As far as horror-themed settings go, the haunted theme park is a relatively common and contrived one. Whilst we've seen carnivals take centre stage in cinema, games have generally reserved the locale for one-off, novelty excursions - The Park attempts to remedy that.
Core gameplay is typical of a ‘walking simulator’ - thankfully one with a sprint function - whilst the ability to call out to Callum provides the gimmick to spice up proceedings. Think Heavy Rain's infamous "Jason" sequence, but not hysterically repetitive and flat. The vocals emit a sort of ripple effect that distorts elements able to be interacted with, ensuring you won’t miss anything significant. On occasion, Callum will answer, the direction of his voice serving to direct the player, whilst the nature of his replies can often induce a chill: "He's watching you, mommy." "Don't let him take me, mommy!"
It's a story open to interpretation, with strands that warrant investigation and subsequent playthroughs.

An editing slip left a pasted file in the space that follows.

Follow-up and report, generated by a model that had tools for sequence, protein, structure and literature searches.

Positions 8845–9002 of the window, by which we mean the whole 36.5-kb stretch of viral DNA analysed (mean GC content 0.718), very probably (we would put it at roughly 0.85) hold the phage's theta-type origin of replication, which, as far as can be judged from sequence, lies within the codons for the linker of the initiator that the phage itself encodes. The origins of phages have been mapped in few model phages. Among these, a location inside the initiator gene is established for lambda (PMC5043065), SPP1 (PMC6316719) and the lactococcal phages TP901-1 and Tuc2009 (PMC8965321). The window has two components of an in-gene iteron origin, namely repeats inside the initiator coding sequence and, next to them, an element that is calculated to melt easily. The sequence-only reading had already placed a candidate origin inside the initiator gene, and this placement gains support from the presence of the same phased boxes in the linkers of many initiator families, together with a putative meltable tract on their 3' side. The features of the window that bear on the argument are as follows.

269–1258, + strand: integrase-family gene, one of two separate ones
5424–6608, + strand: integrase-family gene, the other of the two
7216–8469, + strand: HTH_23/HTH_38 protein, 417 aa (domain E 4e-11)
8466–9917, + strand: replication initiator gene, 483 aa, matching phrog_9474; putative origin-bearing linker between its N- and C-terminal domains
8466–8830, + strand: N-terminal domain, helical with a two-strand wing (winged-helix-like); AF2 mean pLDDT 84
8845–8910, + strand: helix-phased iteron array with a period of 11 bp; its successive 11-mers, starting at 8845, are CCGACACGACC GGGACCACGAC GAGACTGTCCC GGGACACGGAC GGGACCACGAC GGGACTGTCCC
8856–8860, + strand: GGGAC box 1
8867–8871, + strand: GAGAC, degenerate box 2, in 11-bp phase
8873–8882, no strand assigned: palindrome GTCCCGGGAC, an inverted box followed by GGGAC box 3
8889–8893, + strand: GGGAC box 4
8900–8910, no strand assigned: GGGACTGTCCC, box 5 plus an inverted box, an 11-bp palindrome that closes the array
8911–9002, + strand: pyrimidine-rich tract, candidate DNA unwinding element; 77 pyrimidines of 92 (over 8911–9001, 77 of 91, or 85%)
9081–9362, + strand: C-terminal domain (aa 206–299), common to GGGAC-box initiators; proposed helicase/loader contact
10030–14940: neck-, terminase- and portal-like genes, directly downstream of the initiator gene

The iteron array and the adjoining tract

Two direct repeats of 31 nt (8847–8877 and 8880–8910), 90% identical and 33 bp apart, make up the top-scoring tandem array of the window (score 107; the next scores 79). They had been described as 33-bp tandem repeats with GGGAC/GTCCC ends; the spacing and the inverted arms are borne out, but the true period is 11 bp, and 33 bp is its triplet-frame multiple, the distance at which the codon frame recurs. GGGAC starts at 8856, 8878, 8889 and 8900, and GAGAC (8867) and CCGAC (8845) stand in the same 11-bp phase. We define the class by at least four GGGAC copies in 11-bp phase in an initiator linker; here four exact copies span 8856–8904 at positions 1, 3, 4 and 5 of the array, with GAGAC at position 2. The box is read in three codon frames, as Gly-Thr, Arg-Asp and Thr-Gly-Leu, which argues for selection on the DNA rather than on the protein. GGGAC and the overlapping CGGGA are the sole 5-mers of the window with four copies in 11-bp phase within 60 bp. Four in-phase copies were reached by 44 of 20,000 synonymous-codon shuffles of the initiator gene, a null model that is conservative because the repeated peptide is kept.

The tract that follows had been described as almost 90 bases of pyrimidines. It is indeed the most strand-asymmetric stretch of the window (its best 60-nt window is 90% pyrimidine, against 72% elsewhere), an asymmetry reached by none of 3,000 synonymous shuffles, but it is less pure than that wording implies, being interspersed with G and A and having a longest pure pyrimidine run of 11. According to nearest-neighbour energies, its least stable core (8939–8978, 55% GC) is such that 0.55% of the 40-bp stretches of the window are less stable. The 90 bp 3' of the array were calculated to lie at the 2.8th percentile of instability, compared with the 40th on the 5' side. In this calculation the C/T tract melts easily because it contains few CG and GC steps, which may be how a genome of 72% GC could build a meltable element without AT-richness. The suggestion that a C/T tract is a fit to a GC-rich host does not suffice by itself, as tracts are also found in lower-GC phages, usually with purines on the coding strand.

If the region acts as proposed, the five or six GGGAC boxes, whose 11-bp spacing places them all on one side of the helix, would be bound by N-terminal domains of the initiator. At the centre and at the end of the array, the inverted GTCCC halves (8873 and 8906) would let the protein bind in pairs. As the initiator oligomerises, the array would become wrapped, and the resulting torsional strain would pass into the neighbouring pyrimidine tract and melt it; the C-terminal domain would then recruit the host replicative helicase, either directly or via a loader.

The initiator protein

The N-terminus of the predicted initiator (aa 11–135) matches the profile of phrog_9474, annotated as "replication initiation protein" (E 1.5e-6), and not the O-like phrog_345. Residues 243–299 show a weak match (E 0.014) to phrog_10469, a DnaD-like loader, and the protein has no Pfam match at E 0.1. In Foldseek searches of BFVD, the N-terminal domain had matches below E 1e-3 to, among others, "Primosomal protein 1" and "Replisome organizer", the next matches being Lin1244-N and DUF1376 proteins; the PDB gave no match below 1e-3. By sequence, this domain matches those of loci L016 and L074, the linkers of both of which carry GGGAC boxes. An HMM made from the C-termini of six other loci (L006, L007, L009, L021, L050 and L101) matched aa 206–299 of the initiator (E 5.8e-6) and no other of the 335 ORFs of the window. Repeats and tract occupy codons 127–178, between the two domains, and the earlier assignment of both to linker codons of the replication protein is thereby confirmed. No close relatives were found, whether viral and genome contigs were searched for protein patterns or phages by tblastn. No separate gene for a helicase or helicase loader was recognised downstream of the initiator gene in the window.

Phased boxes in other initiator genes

“He” is a recurring frightener, amongst others, ever aided by constant ambient whispers and animalistic sounds that emerge seemingly from thin air to taunt you. Whilst routinely unsettled, we were never outright scared.
Eternal Darkness inspired moments of fourth-wall-breaking manipulation to audio, gameplay and visuals were appreciated in essence, but intentional audio crackle and gameplay stutter quickly became an unwelcome distraction. That said, these methods of toying with us did succeed fantastically during the concluding sequence. The issues intensify with each continual loop through the same environment (yes, it’s very P.T.) until you’re driven half insane, beautifully mirroring that which plays out on-screen.
Whilst pretty in a quaint sort of way, The Park’s visuals are unimpressive and rife with pop-in. Load times are significant, though the entirety of the location is accessible without need for further delay following the lengthy initial wait. When the setting is titular, you’d expect it to shine, but outside of interacting with some of the attractions, there isn’t much defining about it. When we think back on carnival-type settings in games, fond memories of Bioshock Infinite, The House of the Dead: Overkill, Bully: Scholarship Edition and Left 4 Dead 2 are conjured; ironically, their flirtations with the setting were altogether more memorable.
Ultimately, these issues aren’t too detracting. The Park is laser-focused on delivering its narrative and it does so with some eloquence. Don’t expect a superlative videogame, but do look forward to a feature length horror experience that’ll engage your brain.